The Arx A5 is the compact new high-output Chane ‘Arx’ tower. Prototype user “Buford T Justice” relates how the A5 concept started, and what the speaker sounds like:
I’ve been living with the Arx A5 tower prototypes for about a year now. This really shouldn’t be the case, since the A5’s shouldn’t exist in the first place. The only reason they exist is because I pestered Jon Lane on a consistent basis, for an extended period of time (several months).
Jon and I discussed extensively what the sonic character of the A5 needed to be. He and I both agreed that they would be designed and tuned with a focus toward stereo music listening, and as a secondary role filling the main L+R slots in a home theater setup. This meant careful attention paid to the horizontal soundstage, the depth of said soundstage, and the clarity of the midrange and treble sections while avoiding harshness, proper damping and impulse response, among many other issues.
Well, the A5’s met my expectations. The soundstage is wide and often three dimensional (depending on the quality of the source/content, of course). The midrange clarity belies its under-$1K price. After placing them about 8.5-9ft apart and about 10 feet away from me, the image reached all the way to the outer walls of my listening room (about 3.5ft to the outside of each speaker). The midrange resolution was like turning the detail knob up to eleven. However, no harshness or fatigue resulted. The dynamic delivery of the bass, without bloat, is satisfying. The A5’s reach down to the low forty’s in my room with negligible roll off. Usable bass output extends to just above 30Hz in my room. […]
The Arx A5x’s have a fundamental core of musicality; they sound detailed and revealing, but listener fatigue is kept lower than I expected. Which is to say, it is very low, indeed. […] I was being surrounded by sound, yet with only two speakers. […] Of course, I expected that this wide soundstage would come (as it usually does) at the expense of focus (and possibly coherence) at the center of the soundstage, which it did not. I could hear the instruments from their original positions as recorded, panned across the front of the soundstage…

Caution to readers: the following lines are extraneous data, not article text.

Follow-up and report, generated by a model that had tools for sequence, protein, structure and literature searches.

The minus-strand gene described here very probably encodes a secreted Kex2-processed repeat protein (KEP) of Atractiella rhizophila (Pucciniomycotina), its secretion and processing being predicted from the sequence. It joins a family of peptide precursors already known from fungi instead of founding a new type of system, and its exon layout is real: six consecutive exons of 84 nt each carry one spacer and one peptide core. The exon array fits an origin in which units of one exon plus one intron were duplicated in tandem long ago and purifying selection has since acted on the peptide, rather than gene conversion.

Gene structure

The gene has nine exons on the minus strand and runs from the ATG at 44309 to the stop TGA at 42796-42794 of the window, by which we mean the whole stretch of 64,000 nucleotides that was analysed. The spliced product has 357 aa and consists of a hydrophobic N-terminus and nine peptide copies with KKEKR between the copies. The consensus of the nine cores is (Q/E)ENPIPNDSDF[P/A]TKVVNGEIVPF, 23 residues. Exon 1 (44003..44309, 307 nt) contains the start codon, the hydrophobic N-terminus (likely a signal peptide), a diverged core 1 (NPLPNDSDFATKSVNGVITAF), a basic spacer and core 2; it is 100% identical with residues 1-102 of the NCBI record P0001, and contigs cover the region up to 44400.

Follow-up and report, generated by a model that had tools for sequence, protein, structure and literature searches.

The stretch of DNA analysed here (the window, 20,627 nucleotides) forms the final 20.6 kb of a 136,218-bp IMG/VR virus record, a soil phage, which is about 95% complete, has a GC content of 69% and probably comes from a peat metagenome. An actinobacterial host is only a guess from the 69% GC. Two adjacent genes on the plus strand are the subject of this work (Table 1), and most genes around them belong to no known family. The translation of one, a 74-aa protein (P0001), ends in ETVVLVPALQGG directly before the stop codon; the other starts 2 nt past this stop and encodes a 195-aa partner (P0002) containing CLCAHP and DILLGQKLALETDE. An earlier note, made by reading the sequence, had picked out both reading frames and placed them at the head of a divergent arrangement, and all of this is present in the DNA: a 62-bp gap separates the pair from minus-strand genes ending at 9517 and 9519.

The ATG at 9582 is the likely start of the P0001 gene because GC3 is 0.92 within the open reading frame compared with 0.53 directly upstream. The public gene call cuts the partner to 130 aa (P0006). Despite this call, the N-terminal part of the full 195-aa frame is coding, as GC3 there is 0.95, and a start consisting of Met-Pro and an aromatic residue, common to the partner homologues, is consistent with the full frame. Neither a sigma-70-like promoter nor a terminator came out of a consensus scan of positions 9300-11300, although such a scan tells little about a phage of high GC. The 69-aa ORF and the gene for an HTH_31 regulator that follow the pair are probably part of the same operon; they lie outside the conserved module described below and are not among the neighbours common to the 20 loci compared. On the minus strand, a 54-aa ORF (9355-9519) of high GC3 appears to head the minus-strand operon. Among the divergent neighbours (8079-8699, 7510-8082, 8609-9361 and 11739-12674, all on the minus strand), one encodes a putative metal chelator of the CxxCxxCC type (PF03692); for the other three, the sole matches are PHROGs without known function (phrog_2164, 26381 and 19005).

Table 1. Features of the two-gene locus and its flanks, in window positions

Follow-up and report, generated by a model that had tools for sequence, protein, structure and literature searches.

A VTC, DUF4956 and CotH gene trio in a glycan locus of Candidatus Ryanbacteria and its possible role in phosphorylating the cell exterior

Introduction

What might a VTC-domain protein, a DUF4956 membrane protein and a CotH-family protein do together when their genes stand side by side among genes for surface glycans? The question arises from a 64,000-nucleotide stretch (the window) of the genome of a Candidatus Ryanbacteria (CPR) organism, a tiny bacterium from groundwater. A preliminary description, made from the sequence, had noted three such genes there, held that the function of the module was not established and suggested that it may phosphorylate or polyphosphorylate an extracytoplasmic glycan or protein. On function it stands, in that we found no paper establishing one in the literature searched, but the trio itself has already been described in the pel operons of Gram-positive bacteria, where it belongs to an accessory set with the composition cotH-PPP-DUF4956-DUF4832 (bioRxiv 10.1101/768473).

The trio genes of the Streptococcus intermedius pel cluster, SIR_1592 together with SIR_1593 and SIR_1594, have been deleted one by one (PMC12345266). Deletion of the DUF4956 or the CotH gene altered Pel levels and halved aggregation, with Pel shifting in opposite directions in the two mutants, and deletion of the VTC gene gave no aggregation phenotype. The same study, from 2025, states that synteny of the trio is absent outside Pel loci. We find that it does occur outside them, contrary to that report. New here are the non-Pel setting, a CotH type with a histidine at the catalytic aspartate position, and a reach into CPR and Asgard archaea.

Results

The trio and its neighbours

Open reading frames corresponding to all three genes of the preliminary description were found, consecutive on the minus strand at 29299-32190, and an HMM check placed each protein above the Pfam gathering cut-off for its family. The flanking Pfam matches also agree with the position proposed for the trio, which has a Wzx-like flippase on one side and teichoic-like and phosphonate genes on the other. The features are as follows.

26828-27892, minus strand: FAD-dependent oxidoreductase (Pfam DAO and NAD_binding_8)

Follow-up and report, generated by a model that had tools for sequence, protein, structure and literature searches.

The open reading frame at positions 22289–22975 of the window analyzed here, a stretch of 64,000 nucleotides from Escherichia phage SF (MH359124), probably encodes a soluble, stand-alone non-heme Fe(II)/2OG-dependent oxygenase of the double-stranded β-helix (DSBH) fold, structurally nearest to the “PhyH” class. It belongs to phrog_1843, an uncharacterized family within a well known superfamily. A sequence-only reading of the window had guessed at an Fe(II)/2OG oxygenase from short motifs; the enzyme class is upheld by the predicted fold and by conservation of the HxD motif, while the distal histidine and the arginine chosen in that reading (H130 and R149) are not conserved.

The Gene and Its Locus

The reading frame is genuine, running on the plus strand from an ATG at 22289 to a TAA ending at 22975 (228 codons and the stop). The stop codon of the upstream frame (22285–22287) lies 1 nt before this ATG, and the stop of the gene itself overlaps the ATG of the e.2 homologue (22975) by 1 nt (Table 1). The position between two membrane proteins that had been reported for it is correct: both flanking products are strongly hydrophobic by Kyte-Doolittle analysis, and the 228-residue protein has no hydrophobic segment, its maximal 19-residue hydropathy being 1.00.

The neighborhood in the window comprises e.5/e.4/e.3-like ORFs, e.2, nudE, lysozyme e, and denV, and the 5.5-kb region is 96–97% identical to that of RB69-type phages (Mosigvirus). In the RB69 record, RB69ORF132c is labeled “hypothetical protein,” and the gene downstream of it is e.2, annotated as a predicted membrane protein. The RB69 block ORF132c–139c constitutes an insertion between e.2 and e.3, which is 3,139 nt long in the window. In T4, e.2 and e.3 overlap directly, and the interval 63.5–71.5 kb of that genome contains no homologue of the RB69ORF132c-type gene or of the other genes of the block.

The bass seemed much more effortless than I had anticipated. The kick drum and floor tom provided a solid foundation for the rhythm section, their dynamic nature belied the small size of the Arx midwoofers and the modest cabinet volume. The upright acoustic bass also sounded full, yet it did not sound bloated. I could hear the bassist’s fingers slide along the strings and could differentiate the ‘pluck’ of the string from the resonance that is created in the wooden body. This clarity also carried into more complex passages.
The A5’s are the kind of quality speakers that, when connected to quality equipment and fed a quality source, you just want to turn off the lights and let an album play all the way through. All I’m missing is the gentle glow of a tube amp.
So here’s where I’ll give a few tips for anybody who has bought an Arx A5. Tip 1: don’t be kind during break-in; play plenty of bass heavy music at moderate volume. Get those XBL2/Splitgap midwoofers moving (as much as possible, anyway). Tip 2: get the A5’s out into the room and away from the back/side walls. I wouldn’t recommend placing them any closer to the rear wall than 12″-14″….further away if at all possible. Jon has employed boundary-step compensation in the crossover design, so the A5’s don’t need to hug a wall in order to have ample bass output. Just place them for great stereo imaging and enjoy.
I am anxious to hear the reports from other listeners. I think they’re going to be very impressed at the value and performance the A5’s bring to the marketplace.